Segmentation is a fundamental component of digital marketing. When you segment your site visitors, you are dividing them into different groups based on some shared attributes or behaviors. When you think about your main customer segments, you may immediately start grouping them according to demographics or life stage — but there’s more to it than that. There are many ways to divide your visitors into different groups to use for personalization campaigns or analysis.
Of course, each company is different and your needs will vary significantly depending on if you’re focused on brokerage, insurance, banking, etc. or if you’re focused on consumers or businesses. But there are some basic segments that most financial services companies will want to leverage. Let’s walk through them in this post.
1. First-time visitors
A first-time visitor will have different needs than a returning visitor or a customer. Once you create a segment of first-time visitors, you can make sure you’re leading with the right message to capture their attention — because if they can’t immediately discern whether your site is right for them, they may leave before exploring the site further. There’s no reason to prominently highlight customer-specific communications on your homepage, for example. First-time visitors may prefer to see introductory content and messages — such as anything that explains the value of your services or provides general education on your industry.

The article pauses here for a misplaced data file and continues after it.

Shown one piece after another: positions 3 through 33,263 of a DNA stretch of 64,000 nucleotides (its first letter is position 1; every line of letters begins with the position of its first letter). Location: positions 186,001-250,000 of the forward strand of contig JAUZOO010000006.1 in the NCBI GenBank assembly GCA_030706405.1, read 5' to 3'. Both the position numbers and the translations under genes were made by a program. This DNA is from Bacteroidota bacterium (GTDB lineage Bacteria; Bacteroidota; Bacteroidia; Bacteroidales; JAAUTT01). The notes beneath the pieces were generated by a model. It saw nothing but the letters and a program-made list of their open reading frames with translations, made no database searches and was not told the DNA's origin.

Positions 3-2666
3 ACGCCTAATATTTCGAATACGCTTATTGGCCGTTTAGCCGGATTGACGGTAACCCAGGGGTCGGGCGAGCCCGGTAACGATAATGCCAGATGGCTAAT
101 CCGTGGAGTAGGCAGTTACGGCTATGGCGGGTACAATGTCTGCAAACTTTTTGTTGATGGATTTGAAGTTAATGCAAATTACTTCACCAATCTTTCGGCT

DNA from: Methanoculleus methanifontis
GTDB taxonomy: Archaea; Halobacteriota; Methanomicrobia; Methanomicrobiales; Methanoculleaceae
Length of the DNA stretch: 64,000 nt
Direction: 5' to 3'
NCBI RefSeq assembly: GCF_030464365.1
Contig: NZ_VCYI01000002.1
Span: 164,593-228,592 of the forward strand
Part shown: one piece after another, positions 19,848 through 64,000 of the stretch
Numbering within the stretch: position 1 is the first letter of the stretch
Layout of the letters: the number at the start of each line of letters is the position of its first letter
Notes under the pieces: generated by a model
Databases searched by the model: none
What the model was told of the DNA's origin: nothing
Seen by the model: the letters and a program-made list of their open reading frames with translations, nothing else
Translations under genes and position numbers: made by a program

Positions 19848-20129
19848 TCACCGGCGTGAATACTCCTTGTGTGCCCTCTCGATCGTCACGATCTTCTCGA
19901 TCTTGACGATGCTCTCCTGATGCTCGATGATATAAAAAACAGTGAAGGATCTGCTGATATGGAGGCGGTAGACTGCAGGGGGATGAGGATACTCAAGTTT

The image below shows an example of a homepage for a first-time visitor. It offers a subtle CTA to help him understand how the credit card works. Only first-time visitors would see that specific experience — other visitors would see a different CTA, as we’ll see in the next section.
It’s also worth noting that you can compare the first-time visitor segment to other segments to uncover insights for better personalization campaigns. What are they typically looking to accomplish? If they attempt to speak with an agent on their first visit, you’ll want to make that option very visible to this segment. If they often head for your resources or blog sections, you can promote those right away. Understanding what they’re looking to do will help you better engage those visitors.
2. Current customers
You have spent a lot of time and energy to acquire your existing customers and to keep them happy. If a person has chosen your company for their banking or insurance needs, for example, they don’t want to be treated like a brand new person each time they come to your site. They want to be recognized because they already have a relationship with you.